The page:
Employees often write posts about the company on social media sites. Do I have the authority to monitor this and discipline an employee if negative comments are made, even though it’s outside of working hours?
An employee’s right to comment on his or her employer may be protected by the National Labor Relations Act (NLRA). Provisions of this act, such as the right of employees to discuss, question or criticize their terms and conditions of employment, extend to unionized and non-unionized workers.
Under the NLRA, if an employee is addressing group concerns or is acting on behalf of others, those activities are protected and employers may not take disciplinary action against the employee. This protection extends to social media posts and situations where employees have commented on or “liked” co-workers’ online posts made during or outside of working hours.
However, this protection does not apply to outrageously disgraceful or shameful conduct and reckless or maliciously untrue communications. In addition, individuals are not protected by the NLRA when they act in their own interests or address purely personal complaints.
To avoid violating NLRA protections for employees using social media, employers should adopt policies that are narrowly tailored to:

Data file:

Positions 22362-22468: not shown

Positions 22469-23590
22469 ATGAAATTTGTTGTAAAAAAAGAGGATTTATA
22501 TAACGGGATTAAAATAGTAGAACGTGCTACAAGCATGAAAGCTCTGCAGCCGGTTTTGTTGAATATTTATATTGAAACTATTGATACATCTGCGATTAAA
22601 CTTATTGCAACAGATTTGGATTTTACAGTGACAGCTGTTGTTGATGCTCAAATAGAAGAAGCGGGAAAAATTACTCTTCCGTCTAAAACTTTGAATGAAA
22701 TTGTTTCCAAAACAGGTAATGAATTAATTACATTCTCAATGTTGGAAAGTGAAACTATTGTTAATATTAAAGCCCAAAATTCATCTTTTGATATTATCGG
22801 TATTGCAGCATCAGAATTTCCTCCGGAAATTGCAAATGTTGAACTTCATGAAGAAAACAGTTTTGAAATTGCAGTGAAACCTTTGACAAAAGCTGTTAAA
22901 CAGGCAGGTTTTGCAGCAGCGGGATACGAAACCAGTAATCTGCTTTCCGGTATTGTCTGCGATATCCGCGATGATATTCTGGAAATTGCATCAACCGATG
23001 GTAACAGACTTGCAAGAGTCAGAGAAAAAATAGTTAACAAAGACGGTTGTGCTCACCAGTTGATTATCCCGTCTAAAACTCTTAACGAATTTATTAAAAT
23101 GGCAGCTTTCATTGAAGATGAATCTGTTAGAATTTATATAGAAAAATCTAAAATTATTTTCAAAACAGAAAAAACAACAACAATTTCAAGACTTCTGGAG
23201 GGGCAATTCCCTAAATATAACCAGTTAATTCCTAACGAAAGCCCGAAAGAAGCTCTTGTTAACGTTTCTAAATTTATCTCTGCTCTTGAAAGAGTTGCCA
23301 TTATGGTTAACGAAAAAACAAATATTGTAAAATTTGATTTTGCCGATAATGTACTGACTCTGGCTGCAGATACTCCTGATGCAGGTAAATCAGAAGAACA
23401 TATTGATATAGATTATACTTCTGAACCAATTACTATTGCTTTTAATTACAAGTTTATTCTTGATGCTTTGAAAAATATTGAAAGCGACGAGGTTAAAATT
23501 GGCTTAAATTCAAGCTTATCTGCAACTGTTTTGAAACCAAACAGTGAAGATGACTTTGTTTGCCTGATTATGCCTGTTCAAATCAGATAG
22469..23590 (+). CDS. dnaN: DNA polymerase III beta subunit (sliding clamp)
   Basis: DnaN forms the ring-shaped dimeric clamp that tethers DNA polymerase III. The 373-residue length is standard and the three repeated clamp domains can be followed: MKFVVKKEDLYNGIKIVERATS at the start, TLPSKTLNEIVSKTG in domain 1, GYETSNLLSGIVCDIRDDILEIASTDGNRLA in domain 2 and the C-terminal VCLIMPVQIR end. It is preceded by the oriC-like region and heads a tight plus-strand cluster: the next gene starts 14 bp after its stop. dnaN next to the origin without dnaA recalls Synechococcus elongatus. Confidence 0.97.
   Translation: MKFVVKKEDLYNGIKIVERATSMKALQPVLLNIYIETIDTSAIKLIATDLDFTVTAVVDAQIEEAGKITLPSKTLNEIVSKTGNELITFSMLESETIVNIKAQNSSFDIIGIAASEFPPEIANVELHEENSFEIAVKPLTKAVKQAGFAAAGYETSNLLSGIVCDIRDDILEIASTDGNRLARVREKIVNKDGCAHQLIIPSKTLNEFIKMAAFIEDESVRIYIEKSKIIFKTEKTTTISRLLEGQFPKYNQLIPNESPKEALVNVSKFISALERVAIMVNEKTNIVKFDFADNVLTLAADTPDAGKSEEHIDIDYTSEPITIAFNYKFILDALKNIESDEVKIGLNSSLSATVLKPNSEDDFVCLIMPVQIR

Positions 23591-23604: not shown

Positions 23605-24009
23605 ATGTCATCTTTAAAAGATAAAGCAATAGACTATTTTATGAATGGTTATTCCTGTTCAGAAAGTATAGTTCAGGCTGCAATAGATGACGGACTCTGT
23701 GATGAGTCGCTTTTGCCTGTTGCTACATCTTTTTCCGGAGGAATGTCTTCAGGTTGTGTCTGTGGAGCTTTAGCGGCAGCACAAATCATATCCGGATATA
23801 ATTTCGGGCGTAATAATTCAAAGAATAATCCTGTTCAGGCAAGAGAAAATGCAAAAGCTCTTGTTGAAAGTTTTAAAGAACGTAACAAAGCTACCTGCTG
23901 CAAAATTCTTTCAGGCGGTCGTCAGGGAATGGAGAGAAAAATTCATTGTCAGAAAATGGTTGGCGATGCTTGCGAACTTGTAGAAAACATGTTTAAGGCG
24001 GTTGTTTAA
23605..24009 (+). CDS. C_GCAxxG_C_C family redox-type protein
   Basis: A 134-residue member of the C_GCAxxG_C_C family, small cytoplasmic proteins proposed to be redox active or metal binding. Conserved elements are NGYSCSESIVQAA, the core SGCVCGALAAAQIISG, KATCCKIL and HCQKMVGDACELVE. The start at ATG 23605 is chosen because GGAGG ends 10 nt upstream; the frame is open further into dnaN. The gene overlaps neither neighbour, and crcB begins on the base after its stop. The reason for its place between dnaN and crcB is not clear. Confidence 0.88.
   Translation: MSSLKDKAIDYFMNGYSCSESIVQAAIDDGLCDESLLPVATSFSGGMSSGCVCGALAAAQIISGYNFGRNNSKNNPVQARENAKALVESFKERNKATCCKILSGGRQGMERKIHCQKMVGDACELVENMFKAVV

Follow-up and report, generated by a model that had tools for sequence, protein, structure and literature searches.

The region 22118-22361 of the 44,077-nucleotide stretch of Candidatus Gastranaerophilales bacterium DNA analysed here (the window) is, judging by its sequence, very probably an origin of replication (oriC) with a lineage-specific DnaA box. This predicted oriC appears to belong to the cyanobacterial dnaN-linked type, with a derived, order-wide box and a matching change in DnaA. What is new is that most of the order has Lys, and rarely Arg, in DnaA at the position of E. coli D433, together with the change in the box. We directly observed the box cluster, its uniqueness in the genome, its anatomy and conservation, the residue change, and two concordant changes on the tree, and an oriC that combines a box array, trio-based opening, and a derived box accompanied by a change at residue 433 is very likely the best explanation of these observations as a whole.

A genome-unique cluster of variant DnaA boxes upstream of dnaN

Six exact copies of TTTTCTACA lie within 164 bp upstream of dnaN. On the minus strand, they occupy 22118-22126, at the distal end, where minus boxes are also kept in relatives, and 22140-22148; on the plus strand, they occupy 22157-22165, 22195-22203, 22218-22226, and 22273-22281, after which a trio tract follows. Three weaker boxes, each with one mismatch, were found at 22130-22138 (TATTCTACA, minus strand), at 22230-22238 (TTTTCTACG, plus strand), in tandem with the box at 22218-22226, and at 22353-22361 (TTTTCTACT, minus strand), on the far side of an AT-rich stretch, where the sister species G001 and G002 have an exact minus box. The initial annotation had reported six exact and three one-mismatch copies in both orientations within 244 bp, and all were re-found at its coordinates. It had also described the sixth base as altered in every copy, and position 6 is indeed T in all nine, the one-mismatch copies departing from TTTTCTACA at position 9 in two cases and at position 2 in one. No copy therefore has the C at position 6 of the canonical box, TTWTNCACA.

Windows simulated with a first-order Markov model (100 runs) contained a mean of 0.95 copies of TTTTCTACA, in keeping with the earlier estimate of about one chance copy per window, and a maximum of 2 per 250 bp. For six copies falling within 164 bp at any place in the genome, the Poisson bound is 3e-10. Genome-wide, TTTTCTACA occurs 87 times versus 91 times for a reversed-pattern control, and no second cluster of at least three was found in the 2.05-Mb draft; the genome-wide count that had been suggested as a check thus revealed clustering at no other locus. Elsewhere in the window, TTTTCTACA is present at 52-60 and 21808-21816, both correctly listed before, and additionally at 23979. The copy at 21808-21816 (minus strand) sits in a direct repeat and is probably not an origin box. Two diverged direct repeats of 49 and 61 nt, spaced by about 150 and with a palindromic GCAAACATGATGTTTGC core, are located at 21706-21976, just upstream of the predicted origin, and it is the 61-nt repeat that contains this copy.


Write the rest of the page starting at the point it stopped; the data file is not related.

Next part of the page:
Prevent discriminatory remarks, harassment, bullying, threats of violence and other behavior that is unacceptable at the workplace;
Request that employees identify that their comments are their personal opinions and do not represent their employers’ official positions on any specific issues; and
Request that employees do not disclose trade secrets, publish internal reports, provide tips based on inside information or participate in other activities that may be considered inside trading.
Employers wishing to manage their online reputation should refrain from participating in controversial practices such as requiring employees to disclose their personal social media login information. Many states have laws prohibiting such conduct by employers.